“That was an amazing speech! May I ask you: was it rehearsed or are you just saying what comes into your mind?”
That was the question that a young creative Bangladeshi walked up and asked me after I had just finished delivering the closing keynote at the largest branding conference in Bangladesh. In the audience had been a few hundred of the most creative people in Bangladesh.
Instead of answering the question, I smiled and ask him: “What do you think?
Had I replied to his question the answer would have been: “I have given this (or a version of this) speech hundreds of times over the last few years and I prepared this specific speech many days ago and worked on it all the way until the very minute I walked up on stage (memorising the stories I was going to tell, in which order, and what the over all message I wanted to communicate to the audience was, and so on.)
In other words the answer to his question would have been: “It’s rehearsed.
To my joy (and surprise) he instead replied: “I think you were just making it up on the stage.”
Why did I like that he said that?
“Winging it” is never a good strategy and especially not when giving a speech, so if the audience THINKS that I am just up on stage saying what pops into my head you would be forgiven to think that that would be something bad – but in this case it was not.
Because the young man had obviously loved the speech. His comment about saying what comes into my mind was meant as a compliment. He actually thought that I was speaking my message from the heart and in the moment.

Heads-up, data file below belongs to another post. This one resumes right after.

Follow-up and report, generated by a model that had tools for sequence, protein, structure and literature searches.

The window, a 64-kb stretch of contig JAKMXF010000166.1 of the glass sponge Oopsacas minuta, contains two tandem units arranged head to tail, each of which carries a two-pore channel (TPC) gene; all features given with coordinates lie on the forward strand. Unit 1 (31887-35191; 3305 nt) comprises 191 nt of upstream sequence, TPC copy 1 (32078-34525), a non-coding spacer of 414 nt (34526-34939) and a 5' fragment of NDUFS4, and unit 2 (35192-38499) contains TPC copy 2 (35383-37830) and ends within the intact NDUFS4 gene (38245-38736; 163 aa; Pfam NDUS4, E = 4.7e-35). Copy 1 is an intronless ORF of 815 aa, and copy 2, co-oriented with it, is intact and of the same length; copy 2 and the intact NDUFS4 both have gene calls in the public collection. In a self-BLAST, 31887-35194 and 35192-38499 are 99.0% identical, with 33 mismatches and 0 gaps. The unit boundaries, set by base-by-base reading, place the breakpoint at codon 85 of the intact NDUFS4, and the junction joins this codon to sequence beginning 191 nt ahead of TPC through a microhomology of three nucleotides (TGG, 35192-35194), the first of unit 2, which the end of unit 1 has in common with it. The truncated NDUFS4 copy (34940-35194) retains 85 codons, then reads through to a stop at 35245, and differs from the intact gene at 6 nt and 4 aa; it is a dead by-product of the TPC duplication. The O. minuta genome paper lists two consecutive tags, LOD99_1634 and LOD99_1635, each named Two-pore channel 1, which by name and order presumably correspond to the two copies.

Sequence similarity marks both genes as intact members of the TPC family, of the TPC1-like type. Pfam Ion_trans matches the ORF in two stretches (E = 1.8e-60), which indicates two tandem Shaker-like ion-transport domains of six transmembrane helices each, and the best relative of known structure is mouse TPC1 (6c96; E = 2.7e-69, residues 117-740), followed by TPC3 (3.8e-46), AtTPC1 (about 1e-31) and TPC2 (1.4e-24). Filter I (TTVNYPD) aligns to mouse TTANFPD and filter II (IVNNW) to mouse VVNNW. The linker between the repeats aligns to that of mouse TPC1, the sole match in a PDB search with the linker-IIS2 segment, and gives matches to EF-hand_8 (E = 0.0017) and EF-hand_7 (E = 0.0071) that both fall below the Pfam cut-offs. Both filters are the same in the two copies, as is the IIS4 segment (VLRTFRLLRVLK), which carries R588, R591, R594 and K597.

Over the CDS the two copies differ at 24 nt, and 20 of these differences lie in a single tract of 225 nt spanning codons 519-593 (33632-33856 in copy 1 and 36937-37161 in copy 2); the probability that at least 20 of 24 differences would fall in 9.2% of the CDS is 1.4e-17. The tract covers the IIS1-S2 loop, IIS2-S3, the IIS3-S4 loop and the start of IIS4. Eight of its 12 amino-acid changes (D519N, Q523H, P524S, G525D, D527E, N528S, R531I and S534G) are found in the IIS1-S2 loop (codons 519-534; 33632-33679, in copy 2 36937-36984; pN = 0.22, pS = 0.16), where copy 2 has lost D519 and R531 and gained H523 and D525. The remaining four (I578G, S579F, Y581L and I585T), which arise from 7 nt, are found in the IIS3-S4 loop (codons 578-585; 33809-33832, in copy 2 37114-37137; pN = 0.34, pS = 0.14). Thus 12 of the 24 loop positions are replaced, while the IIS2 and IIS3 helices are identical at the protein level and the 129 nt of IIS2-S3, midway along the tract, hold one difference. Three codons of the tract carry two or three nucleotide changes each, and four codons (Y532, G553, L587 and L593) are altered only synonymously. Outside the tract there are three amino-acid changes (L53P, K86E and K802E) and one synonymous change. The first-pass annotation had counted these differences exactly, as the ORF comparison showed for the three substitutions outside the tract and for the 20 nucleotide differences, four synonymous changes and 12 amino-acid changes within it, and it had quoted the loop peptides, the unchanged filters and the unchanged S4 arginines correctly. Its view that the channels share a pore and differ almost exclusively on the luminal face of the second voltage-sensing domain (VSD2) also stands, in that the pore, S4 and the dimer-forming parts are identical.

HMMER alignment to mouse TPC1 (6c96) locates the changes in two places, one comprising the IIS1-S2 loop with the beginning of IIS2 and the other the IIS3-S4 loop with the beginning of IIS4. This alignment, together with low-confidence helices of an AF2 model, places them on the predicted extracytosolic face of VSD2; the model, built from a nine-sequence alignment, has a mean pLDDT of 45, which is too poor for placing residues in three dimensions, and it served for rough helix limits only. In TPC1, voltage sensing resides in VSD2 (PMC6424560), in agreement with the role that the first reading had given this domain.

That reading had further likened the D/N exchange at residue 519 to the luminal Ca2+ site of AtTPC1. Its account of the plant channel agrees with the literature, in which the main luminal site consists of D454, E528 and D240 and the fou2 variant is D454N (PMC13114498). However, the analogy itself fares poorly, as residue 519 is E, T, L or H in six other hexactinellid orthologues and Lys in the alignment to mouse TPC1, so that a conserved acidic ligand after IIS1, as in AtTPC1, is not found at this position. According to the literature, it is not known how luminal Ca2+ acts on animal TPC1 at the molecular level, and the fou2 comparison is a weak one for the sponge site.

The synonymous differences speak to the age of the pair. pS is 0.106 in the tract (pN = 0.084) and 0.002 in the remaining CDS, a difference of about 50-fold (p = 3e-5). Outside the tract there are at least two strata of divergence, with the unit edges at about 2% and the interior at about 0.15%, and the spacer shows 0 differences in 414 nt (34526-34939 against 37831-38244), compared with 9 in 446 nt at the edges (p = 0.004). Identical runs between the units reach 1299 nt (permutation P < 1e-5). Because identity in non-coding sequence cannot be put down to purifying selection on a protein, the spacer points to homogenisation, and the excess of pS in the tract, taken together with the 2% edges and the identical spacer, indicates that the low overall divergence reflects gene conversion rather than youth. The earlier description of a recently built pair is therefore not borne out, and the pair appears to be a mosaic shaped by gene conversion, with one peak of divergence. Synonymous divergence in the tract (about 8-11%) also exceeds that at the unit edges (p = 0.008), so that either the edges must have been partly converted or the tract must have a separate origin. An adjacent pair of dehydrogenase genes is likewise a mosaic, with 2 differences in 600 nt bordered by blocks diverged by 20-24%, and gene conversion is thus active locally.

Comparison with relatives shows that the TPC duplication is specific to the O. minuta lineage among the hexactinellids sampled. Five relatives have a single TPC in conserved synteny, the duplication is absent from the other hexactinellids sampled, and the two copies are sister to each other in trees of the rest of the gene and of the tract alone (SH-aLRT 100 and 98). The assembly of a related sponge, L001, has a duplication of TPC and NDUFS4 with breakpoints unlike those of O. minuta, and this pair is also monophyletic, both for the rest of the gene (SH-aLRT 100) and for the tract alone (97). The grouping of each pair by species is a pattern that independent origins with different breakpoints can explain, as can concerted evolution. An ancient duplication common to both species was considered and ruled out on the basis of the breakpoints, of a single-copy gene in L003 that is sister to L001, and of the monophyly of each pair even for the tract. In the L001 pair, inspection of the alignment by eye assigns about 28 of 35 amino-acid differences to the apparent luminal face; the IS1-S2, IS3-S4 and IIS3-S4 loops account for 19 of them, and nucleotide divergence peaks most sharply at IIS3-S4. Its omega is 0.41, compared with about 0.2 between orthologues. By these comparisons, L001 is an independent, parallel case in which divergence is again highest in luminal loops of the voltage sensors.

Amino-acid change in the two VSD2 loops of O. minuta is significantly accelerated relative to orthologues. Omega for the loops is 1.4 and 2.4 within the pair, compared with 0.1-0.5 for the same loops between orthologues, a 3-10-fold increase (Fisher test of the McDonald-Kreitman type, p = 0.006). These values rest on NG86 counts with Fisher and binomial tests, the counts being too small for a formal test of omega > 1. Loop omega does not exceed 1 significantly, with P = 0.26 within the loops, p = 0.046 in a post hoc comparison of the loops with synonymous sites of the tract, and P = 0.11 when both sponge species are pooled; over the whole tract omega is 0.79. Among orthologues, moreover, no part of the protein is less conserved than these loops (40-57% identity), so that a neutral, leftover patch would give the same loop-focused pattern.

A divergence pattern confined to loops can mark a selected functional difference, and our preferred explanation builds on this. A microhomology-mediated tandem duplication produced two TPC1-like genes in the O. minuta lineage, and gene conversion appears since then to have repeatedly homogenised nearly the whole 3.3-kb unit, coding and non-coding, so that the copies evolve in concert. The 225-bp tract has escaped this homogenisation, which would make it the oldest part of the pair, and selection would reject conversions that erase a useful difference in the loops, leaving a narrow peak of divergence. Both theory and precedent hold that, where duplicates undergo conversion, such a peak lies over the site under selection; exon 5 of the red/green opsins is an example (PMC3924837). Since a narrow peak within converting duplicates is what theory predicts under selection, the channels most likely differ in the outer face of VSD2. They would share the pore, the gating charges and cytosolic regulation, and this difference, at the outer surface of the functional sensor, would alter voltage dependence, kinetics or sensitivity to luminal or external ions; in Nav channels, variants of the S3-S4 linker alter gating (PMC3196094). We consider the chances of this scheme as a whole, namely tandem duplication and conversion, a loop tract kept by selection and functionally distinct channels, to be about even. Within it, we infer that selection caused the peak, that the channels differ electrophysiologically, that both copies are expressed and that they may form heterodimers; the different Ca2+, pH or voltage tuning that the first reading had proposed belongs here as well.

As speakers we should aim for that. It means that the audience thinks (and feels) that they are getting something unique that was created right there and then – in the moment – for them.
I do not know if it is true, but it is said that when a baseball player swings at a baseball there is no way that he (or she) can actually react fast enough to where the ball is coming at him. Instead the batter has to decide where to hit before the ball is even close to the bat . And the reason good batters hit the ball so often is that they have the experience to decide where the ball will be coming based on the movements of the pitcher etc.
Regardless if that is true or not, the message with this story for speakers is that we need to spend a lot of time preparing for our speech, but when we go up on stage to speak we need to leave the preparation mode and go into “presentation mode” and just go out there and “swing it”.
That means stop living in the past trying to remember what you are going to say and how.
Instead we should be in the present.
Speak in the present.
Present in the present.